A round-up of the latest technology news from around the globe.
KILLER PAINT: MRSA 'superbugs' don't stand a chance against a new paint. The paint binds carbon nanotubes to an enzyme called lysostaphin that slices open cell walls and within 20 minutes destroys only staph bacteria. This mix isn't an antibiotic, and is safe in the environment. It sounds too good to be true. More at IO9.
HAND IN GLOVE: It's very hard to hear or see in a smoke-filled room, as firefighters know only too well. Frontline gloves include sensors to capture the wearer's hand signals, while another person's glove receives the signals and displays them on ultra-bright LEDs. Two thumbs up for these gloves. More at CargoCollective.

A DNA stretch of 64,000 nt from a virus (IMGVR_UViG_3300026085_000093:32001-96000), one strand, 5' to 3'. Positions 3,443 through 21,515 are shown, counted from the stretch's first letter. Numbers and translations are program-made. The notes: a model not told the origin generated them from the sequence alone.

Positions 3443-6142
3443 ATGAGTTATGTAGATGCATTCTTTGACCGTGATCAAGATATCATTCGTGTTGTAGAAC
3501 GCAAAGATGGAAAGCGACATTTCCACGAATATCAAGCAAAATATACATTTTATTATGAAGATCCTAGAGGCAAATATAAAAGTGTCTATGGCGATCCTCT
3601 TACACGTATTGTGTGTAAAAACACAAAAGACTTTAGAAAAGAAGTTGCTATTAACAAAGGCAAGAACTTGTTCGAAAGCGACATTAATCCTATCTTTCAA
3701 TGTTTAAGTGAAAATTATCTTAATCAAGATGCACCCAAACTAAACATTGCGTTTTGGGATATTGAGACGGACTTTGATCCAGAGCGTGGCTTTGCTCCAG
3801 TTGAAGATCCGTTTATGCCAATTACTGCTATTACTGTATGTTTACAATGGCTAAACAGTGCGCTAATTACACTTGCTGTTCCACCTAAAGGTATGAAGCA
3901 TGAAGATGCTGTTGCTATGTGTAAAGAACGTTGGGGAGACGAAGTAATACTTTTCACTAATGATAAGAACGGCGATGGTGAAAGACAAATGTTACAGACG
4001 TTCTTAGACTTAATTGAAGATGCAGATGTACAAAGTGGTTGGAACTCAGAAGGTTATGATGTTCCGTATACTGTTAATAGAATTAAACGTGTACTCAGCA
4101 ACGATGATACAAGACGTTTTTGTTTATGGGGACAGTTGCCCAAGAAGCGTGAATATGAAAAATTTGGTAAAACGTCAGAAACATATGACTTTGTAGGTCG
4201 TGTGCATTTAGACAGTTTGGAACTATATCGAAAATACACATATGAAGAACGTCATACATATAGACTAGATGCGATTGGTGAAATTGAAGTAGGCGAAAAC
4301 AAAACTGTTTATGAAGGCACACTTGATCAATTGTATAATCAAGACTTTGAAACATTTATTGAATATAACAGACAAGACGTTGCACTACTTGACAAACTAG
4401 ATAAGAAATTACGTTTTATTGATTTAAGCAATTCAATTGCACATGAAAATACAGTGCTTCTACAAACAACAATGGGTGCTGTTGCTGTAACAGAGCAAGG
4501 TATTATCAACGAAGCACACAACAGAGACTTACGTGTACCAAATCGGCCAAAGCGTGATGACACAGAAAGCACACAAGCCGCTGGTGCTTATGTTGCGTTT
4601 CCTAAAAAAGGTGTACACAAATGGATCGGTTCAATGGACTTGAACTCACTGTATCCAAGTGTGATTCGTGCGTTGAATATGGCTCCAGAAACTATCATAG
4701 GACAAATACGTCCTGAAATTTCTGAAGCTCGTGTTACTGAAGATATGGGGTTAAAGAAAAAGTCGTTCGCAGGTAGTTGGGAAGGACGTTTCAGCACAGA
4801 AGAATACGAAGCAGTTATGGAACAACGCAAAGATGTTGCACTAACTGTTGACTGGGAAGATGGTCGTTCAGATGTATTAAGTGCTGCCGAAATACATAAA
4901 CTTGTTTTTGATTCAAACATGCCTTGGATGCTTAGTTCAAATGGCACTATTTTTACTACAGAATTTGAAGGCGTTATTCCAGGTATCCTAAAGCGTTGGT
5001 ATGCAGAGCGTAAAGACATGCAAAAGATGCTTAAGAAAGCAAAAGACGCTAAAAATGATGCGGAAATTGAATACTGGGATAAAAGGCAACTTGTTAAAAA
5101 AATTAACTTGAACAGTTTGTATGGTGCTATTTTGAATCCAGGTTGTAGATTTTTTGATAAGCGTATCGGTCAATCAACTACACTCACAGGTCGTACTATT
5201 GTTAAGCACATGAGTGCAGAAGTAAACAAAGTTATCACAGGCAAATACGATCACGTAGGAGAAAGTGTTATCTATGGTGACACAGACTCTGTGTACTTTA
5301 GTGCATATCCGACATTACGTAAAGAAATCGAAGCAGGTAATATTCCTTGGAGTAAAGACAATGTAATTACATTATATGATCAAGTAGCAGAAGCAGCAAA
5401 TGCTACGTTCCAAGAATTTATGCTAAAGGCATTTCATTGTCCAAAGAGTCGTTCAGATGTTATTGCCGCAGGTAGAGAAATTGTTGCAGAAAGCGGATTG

WATCH HEAR: Video calls via cellphone could be perfect for deaf people who use Sign Language. But video often means reduced battery life and higher costs.
University of Washington's MobileASL optimises the video and also conserves battery by detecting whether a person is signing or not. Signups coming soon.
RAT POWER: If oxygen and sugar can generate electricity, and our bodies contain both, can we make electricity from our own cells? French researchers implanted glucose biofuel cells in rats and found they successfully generated power. Such biofuel cells could power pacemakers and insulin pumps. Glucose biofuel cells: surely another name for energy drinks. Details at Physorg.
CLOTHES SOURCE: The University of Southampton are researching how to capture the energy we create in our clothes or in carpets as we move around. The team aim to add energy harvesting inks to textiles, in hopes of doing away with the batteries we normally use to power devices. Batteries be gone!
- Miraz Jordan knowit.co.nz.